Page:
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Box-Office Bombs!
by Christopher Stone

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ISHTAR nuked the Box-Office Big Time.

ISHTAR nuked the Box-Office Big Time.
You may feel complimented, flattered, if someone calls you Da Bomb. Beyond that context, being a bomb is something to which few people, or things, aspire.

That most certainly applies to the Box-Office.

What is a Box-Office Bomb? It's not necessarily a flick of low quality and bargain basement production values. Nor is it always marked by bad performances and ship shod scripting. Quite simply, a flick is labeled Bomb if its production and marketing costs greatly exceed the money it amasses at the box-office. The Box-Office Bomb may be a costly major studio release, or it can be a made-on-a-shoestring independent feature. It can feature an Oscar-winning cast or it can star unknown players. The sole common denominator for the bomb moniker is that said feature must cost more money to produce and promote than it grosses.

This pillar regularly reports the flicks that have us scurrying to that iconic box-office near you as quickly as our clunkers can get us there. Not so frequently, we shift our focus to the flops: the bombs, turkeys and losers that swim in
Match-Flickers just said No way! to BATTLEFIELD EARTH.

Match-Flickers just said "No way!" to BATTLEFIELD EARTH.
red, not black, ink.

As summer begins its slow fade to fall, we're remembering a handful of the cinematic clunkers that nuked the box-office.

No list of Box-office Bombs should exclude the year 2000's worst-reviewed major motion picture: the Scientology, sci-fi fiasco, BATTLEFIELD EARTH, starring John Travolta and Kelly Preston. Budgeted at a whopping $73 million, this flop-ola flick ended up in $52 million of red ink.

We're going back, way back to 1987, for our next nuclear box-office blast. Back then, Dustin Hoffman and Warren Beatty were box-office royalty. Not even this super-testosterone team could salvage ISHTAR, an over-long, convoluted tale of two lousy lounge singers who inadvertently become pawns of the CIA and the Emir of Ishtar. On an investment of $55 million, ISHTAR lost $41 million, and dimmed the wattage of its male stars.

Search the subject area of Box-Office Bombs in an almanac or encyclopedia, and you'll invariably find a production photo from HEAVEN'S GATE (1980). Perhaps Hollywood's most-chronicled debacle of all time, this
HEAVEN'S GATE is the poster child for Box-Office Bombs!

HEAVEN'S GATE is the poster child for Box-Office Bombs!
big-budget bomb effectively ended the career of Oscar-winning director Michael Cimino (THE DEER HUNTER, 1978) and brought about the end of United Artists studio. In 1985, Steven Bach, President of United Artists while HEAVEN'S GATE was in production, wrote a tell-all best-seller about the experience, FINAL CUT DREAMS AND DISASTER IN THE MAKING OF HEAVEN'S GATE. Box-office Bombs don't come any more conspicuous than HEAVEN'S GATE, but the late Bach had the last laugh. Not only was his book a runaway hit, but it launched him in a successful career as an author-biographer that lasted until his death earlier this year.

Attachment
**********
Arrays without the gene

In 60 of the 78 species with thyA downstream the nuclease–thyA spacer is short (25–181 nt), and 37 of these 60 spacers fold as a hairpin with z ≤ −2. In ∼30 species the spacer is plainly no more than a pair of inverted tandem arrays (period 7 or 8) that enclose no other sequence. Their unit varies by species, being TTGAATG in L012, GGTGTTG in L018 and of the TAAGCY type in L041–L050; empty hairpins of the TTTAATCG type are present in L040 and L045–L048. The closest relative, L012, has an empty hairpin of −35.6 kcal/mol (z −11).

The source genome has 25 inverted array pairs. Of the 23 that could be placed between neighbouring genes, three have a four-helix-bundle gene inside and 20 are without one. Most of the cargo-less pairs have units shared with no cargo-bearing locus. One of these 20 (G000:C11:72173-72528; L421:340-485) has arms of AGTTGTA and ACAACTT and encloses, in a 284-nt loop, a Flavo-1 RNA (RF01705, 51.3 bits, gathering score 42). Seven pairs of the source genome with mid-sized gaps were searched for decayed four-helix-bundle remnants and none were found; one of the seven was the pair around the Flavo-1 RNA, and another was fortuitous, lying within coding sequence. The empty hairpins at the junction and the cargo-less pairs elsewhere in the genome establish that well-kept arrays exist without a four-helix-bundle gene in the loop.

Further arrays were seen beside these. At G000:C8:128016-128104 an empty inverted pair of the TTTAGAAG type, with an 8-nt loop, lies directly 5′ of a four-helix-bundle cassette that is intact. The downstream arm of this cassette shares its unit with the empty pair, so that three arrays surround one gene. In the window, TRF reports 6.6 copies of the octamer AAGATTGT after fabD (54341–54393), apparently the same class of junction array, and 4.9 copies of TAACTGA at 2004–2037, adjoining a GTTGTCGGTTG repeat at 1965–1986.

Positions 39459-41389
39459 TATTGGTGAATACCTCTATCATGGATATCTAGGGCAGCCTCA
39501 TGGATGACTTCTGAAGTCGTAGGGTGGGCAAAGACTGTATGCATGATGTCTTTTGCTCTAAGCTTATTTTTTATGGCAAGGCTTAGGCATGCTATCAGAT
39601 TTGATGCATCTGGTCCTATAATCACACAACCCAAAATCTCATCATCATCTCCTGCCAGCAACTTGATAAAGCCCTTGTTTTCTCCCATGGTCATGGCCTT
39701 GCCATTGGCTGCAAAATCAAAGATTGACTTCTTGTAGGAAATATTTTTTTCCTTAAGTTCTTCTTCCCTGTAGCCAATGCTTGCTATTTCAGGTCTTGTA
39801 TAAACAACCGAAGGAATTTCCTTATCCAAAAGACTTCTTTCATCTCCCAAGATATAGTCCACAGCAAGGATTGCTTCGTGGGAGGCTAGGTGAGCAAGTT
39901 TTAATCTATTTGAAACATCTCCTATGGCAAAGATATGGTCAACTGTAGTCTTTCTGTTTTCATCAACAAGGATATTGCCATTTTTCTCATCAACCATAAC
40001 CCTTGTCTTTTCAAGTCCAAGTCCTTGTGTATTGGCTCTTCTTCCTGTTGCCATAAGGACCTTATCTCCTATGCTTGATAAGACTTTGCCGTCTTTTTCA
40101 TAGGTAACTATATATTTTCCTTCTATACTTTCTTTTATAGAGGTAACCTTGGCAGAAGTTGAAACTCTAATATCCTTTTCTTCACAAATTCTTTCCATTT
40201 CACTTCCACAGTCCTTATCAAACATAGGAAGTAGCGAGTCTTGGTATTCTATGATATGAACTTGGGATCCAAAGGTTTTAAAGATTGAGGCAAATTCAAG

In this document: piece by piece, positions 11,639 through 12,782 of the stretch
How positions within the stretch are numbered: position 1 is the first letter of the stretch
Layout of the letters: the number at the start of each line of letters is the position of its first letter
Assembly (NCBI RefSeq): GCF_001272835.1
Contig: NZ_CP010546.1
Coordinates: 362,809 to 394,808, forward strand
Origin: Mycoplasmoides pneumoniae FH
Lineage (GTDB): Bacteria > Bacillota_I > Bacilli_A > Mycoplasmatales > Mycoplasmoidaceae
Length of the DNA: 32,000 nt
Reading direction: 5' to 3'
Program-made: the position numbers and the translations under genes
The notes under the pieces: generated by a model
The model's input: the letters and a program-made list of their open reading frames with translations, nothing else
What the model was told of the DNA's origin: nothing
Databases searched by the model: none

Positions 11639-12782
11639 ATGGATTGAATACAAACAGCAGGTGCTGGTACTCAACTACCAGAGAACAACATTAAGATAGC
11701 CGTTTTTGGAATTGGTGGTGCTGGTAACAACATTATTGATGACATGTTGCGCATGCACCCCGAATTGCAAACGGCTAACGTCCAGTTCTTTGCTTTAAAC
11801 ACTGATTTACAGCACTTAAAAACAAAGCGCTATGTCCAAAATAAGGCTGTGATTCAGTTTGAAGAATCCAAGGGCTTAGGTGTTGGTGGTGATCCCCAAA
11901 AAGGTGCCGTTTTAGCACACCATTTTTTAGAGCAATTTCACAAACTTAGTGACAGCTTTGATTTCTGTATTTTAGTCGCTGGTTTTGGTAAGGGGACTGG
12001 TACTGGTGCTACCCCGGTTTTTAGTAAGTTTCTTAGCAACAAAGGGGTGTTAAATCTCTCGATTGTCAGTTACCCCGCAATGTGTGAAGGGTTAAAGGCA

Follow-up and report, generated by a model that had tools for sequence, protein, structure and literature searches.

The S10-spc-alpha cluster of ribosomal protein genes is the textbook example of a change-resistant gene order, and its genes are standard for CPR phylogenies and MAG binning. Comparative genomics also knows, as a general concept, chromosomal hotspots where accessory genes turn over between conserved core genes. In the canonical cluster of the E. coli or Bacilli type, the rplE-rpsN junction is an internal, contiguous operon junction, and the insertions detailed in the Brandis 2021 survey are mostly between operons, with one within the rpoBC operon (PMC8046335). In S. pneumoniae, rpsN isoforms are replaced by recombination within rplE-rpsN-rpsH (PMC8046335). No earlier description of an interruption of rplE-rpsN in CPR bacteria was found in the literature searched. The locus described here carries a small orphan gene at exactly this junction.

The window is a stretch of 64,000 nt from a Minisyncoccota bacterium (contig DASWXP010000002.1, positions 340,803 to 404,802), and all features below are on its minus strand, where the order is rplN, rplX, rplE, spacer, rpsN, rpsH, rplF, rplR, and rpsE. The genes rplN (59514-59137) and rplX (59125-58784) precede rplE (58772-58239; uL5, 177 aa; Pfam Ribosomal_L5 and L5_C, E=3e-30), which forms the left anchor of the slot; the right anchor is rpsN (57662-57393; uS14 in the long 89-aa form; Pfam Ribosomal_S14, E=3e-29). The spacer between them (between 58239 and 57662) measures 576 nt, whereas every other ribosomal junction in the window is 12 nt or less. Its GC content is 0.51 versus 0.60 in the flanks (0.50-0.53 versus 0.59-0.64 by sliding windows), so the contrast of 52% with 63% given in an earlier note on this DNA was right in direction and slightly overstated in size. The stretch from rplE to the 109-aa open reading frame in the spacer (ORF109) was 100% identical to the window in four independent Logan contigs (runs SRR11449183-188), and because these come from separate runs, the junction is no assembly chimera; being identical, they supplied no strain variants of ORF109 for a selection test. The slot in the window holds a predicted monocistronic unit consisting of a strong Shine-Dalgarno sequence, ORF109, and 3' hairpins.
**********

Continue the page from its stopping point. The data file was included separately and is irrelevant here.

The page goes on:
Match-Flickers need look no further back than last summer for one of the box-office's all-time bombs: SPEED RACER. Released on May 9, 2008, to some of the worst reviews of our young century, this special effects-driven flick, based on an animated television series, left Match-Flickers cold. Budgeted at a whopping $120 million, this thermonuclear Box-Office Bomb grossed a pitiful $44 million. When all was seen and done, SPEED RACER was awash in
Match-Flickers gave SPEED RACER The Big Chill.

Match-Flickers gave SPEED RACER The Big Chill.
$76 million of red ink.

SUMMER BOX-OFFICE WATCH: If the July 31-August 2 Weekend were a comedian, it would be Andy Dick, not Jason Segel: In other words, still good for a few laughs, but not at the top of its game. FUNNY PEOPLE was a stand-up Number One with $23.4 million. HARRY POTTER had a tenuous hold on the Number Two spot with $17.7 million and G-FORCE was a nipping at HARRY's heels third with $17.1 million. Sadly, overall the box-office was down a whopping 18 percent from the same frame last year. Was America at the autoplex trading Clunkers for Cash, or did Match-Flickers think that the real Clunkers were all at the multiplex?

Match-Flickers, Uncle Sam Wants You! G.I. JOE: THE RISE OF COBRA stormed the August 7-9 box-office, commanding $56.2 million, to become the box-office's Number 1 attraction. It also helped the weekend climb 22 percent over the same frame last year. JULIE & JULIA, perhaps the best reviewed motion picture of the year, cooked up a delicious $20.1 million to snag the Number 2 spot. With a not-so-forceful $9.8 million, G-FORCE was third.

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The Business of Show
Every other Friday

Does advertising, public taste, or overindulged stars determine a movie's box office fate? Christoper Stone explores what's going on behind the box office.

Other Columns
Other columns by Christopher Stone:

The Cautionary Box-Office

Box-Office Holiday Season Heads Up. Part Two

Box-Office Holiday Season Heads Up, Part 1

Quality Is Independent

Oh, the Horror!

All Columns

Christopher Stone
Christopher Stone is the author of the international best seller Re-Creating Your Self. With Mary Sheldon, he co-authored three highly successful hardcover books of guided meditations.

He is a member of the Writers Guild of America, West.

If you have a comment, question, or suggestion, you can send a message to Christopher Stone by clicking here.

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